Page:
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Condition monitoring by lubricant analysis is one of the basic tools of predictive maintenance programs; however, to date, industries have struggled managing programs on a larger scale, standardizing knowledge throughout multiple locations and capturing overall program success. Through the use of onsite oil analysis tools, we will explore the benefits of pairing fluid intelligence software with the onsite oil analysis laboratory at City of Chandler Public Works and Utilities. While exploring the benefits of incorporating new technology and training tools available for maintenance professionals, we will learn how to effectively implement these techniques into condition-based maintenance programs in the Industry 4.0 era.
The phrase “Industry 4.0” was created after several ground-breaking technologies came to fruition which significantly impacted the manufacturing and energy sectors. Technologies in the Industry 4.0 sector consist of several major innovations in digital technology including advanced robotics, artificial intelligence, sensors, cloud computing, internet of things (IoT), data capture and analytics, software as a service (SaaS) and platforms that utilize algorithms to solve complex problems.
The technologies are all interconnected on a global scale which create a global value chain where companies are connected worldwide. By 2020, 72 percent of companies in the aerospace and defense; automotive; chemicals; electronics; engineering and construction; forest products, paper, and packaging; industrial manufacturing; metals; and transportation and logistics expect to achieve advanced levels of integrated digitalization into their overall workflow processes .
The oil analysis industry is included in this rigorous integration of digitalization. This $250 million industry is turning to Industry 4.0 solutions to solve tough industrial challenges like tracking global program success, normalizing workflow and generating value-add data contributing to the overall success and bottom line of the organization. Manufacturing plants, power plants and public utilities are among some of the early adopters of Industry 4.0 techniques. These industries and have found innovative ways to incorporate these new techniques into their workflow, resulting in predictive analytics becoming a vital part of their maintenance programs.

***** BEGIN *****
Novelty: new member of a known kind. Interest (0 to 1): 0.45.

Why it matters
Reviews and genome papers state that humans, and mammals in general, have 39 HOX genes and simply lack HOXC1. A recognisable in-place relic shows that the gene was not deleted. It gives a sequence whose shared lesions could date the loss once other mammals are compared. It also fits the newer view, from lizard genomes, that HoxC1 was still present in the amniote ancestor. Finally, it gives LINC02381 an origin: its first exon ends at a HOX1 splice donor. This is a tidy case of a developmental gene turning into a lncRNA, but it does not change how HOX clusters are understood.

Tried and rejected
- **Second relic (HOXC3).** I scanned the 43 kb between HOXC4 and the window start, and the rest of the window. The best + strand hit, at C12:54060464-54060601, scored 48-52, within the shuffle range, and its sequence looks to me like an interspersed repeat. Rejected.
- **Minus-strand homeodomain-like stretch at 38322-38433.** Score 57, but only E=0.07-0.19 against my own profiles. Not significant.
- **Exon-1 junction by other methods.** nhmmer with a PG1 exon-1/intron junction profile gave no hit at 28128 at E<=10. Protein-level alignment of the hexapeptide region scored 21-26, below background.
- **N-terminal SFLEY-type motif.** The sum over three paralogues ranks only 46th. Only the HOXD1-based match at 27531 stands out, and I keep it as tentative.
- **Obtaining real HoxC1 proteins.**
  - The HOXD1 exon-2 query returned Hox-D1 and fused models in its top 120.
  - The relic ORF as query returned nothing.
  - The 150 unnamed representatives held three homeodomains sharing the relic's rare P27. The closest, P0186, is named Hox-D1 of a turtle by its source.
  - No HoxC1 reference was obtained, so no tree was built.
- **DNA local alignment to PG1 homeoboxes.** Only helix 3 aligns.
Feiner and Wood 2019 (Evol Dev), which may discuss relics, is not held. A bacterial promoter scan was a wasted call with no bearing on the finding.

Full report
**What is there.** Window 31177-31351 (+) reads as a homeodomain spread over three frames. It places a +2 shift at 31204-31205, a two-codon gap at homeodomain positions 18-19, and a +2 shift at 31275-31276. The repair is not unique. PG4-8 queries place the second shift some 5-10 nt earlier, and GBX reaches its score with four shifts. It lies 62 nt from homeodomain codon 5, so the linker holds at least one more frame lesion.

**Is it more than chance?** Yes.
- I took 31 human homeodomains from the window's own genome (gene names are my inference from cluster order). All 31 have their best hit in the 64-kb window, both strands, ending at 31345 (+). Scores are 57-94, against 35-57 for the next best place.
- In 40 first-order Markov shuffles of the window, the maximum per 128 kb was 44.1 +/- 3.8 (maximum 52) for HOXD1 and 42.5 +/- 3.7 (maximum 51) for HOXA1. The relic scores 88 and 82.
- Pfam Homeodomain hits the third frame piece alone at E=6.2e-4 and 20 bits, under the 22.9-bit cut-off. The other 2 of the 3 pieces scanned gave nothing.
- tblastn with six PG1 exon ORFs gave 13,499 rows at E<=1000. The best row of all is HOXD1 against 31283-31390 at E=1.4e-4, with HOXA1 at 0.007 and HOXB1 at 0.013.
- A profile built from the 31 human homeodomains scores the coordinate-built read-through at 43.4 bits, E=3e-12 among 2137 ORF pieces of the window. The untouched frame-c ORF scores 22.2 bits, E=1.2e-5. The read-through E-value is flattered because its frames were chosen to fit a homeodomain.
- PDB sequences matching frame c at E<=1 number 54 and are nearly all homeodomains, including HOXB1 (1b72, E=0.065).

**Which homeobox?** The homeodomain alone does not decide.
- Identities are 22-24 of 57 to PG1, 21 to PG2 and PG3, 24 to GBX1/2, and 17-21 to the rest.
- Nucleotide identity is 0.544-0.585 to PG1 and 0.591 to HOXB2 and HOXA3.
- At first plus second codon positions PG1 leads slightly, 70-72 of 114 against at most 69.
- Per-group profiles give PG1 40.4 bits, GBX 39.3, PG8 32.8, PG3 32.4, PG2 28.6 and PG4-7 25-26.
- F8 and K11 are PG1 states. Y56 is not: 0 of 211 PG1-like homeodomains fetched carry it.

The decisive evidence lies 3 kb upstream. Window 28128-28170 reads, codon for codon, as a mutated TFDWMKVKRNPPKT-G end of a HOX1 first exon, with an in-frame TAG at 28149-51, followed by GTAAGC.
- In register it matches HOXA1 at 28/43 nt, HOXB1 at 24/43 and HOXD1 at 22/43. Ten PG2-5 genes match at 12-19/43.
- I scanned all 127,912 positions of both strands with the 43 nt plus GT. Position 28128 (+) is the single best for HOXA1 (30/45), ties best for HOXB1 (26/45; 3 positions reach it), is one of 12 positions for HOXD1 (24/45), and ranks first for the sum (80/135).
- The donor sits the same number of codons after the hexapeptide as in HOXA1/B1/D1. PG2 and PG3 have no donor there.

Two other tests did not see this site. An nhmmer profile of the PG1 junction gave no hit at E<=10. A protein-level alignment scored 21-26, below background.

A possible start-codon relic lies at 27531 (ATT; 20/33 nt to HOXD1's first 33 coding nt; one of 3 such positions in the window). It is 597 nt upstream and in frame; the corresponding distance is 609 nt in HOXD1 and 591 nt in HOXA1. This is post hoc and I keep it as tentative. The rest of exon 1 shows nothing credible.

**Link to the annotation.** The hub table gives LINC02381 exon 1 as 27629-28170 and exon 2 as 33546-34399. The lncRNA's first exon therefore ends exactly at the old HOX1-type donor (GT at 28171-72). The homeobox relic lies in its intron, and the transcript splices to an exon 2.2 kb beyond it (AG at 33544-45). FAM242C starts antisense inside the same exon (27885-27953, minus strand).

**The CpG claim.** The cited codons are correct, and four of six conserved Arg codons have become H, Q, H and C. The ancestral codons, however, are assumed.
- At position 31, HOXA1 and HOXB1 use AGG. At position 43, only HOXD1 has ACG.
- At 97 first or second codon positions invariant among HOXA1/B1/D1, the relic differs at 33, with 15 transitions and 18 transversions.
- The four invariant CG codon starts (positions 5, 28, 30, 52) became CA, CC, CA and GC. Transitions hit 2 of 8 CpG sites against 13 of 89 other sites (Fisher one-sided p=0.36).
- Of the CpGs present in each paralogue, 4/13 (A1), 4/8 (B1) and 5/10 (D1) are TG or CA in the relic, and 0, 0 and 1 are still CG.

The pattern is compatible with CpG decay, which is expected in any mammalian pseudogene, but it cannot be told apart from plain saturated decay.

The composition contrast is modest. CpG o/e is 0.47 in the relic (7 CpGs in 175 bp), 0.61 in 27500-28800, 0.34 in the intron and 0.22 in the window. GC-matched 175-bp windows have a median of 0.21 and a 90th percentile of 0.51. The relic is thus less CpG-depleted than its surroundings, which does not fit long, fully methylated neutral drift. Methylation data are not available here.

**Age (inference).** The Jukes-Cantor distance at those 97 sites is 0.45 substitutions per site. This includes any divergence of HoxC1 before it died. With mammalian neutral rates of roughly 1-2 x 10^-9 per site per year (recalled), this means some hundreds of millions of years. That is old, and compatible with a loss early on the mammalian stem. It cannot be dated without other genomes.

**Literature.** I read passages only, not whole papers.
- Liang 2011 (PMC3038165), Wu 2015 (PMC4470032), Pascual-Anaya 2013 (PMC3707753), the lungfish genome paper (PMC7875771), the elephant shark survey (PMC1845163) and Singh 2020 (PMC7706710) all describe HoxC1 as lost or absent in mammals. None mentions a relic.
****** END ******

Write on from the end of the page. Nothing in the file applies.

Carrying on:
Understanding how to quickly and effectively implement Industry 4.0 techniques becomes increasingly important in an era when many maintenance programs are being downsized or cut because little value is seen in their role within the organization. Advances in software analytics that integrate the expert knowledge of the onsite equipment expert and lubricant analyst are now available to help maintenance professionals justify oil analysis programs within their facilities and maximize equipment life.
Effective oil analysis techniques that provide value to the facility require the incorporation of two main concepts: knowledge of the component behavior and an understanding of the lubricant data generated by the component. By pairing these two concepts, proper diagnostics and recommendations can be made that are practical and easily implemented by the maintenance staff.
Unfortunately, many facilities struggle with the analysis portion due to lack of experience or high turnover rates within the maintenance department. This challenge is overcome by fluid intelligence software that incorporates the diagnostics and recommendations into the software. This adaptive rules engine feature allows the user the ability to change the limits and diagnostics as needed in order to properly trend and diagnose equipment issues and make specific recommendations for the maintenance staff .